Millions of pounds are being added to NHS bills for privately-funded projects because firms are passing on the costs of delays, business leaders warn.
The Royal London will become the UK's biggest new hospital
An average of £2.4m is added to Private Finance Initiatives schemes, the Confederation of British Industry said.
This is because the set-up period is taking twice as long as it should do.
Under PFI, public bodies pay private firms through a kind of mortgage arrangement to build, run and manage projects like building hospitals.
The flagship New Labour policy was designed to pass the risk of undertaking large-scale projects, including delays, to the private sector and thus save the taxpayer money.
But critics complain they are more costly in the long run.
The CBI said projects can be delayed for a number of reasons, including waiting for government approval or because aspects need redesigning because of changing needs. Each month costs £115,000 on average.
The business lobby group said firms passed on the cost of delays to NHS trusts by increasing the unitary charge - effectively the mortgage the hospital has to pay off yearly over duration of the contract.
They said that of the first 40 major NHS projects delays, beyond the target 18-month mark, had run up costs of nearly £100m, through employment and administration bills.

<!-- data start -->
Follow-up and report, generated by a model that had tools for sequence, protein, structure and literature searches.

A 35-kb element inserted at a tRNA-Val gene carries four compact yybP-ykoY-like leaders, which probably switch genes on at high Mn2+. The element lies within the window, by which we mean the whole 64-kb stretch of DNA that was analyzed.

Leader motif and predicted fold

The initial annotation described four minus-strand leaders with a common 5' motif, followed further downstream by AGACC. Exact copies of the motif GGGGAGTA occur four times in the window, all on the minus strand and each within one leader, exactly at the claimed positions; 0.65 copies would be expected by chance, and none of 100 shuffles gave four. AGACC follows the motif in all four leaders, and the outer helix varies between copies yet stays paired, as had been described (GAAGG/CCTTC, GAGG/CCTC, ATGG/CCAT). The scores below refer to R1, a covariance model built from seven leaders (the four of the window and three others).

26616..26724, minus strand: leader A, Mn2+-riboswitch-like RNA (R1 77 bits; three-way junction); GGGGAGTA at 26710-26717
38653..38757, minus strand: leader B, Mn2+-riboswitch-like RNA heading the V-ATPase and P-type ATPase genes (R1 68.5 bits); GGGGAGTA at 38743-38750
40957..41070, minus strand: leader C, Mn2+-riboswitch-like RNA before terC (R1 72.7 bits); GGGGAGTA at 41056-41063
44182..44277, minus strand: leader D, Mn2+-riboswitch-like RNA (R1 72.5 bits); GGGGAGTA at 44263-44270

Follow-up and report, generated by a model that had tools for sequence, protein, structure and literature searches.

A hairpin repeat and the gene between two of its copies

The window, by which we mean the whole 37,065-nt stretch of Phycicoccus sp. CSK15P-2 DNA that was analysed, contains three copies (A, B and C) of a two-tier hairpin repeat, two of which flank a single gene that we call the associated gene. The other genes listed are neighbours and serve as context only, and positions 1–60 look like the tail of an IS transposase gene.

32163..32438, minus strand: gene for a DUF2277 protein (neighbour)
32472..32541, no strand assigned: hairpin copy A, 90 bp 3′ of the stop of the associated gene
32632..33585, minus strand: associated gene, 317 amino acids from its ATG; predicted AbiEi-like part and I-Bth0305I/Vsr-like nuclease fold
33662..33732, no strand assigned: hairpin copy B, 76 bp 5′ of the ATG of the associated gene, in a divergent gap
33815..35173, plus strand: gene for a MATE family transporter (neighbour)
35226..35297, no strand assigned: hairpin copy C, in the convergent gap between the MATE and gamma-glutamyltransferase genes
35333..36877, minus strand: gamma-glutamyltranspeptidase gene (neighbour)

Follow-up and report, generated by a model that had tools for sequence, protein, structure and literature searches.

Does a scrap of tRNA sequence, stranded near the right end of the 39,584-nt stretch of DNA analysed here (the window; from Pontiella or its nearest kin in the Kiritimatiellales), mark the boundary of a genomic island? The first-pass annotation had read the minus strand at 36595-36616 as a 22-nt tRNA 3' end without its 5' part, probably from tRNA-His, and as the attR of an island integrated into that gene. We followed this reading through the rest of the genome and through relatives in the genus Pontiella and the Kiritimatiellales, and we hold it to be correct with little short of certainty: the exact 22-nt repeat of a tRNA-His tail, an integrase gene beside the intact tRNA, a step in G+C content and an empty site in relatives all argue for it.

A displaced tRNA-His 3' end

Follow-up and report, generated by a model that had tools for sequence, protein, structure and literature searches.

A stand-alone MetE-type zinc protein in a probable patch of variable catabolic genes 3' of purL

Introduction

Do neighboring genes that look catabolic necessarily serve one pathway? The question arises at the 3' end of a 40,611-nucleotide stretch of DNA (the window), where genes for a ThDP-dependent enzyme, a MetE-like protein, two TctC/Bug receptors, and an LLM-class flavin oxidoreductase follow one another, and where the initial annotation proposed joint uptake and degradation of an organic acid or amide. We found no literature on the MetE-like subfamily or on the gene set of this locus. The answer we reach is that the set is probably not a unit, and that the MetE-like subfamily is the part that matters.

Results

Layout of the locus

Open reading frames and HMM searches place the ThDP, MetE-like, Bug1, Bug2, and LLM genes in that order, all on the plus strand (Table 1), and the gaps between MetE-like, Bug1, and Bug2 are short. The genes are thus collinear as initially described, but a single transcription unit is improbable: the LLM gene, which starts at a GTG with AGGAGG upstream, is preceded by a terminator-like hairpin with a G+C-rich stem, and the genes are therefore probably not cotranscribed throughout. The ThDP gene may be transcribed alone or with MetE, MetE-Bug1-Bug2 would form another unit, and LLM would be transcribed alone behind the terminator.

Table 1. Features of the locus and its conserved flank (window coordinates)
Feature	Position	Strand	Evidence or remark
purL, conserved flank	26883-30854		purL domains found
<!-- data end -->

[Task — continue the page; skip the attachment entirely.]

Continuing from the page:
The costs are particularly worrying as there are another 48 PFI schemes in the pipeline and it comes at a time when many hospitals are cutting jobs to balance the books, the CBI said.
The delays of the biggest NHS PFI project, the £1bn Barts and the Royal London scheme, were not taken into account as the deal has still not been finalised.
Sign off of the scheme was delayed by nearly three months after the government decided to review the affordability of the project. Ministers have now given it the green light and the trust and consortium are close to reaching a deal.
CBI deputy director-general John Cridland said: "The private sector has delivered more facilities and services on time and to budget than the old system of public design and construction ever did.
"Yet unnecessary delays remain. All these avoidable delays to hospital building projects are costing big money and ultimately diminishing the effectiveness and reputation of the NHS."
The report recommended a number of measures to improve the process, including setting out clear timetables, creating a mediation process to resolve delays and better training for procurement professionals.
Nigel Edwards, director of policy at the NHS Confederation, which represents health managers, said: "We agree with a number of the recommendations outlined in this report. There is no doubt that improvements can be made to the PFI process and the planning of big projects in order to avoid delays."
But he added NHS trusts were not always responsible for delays.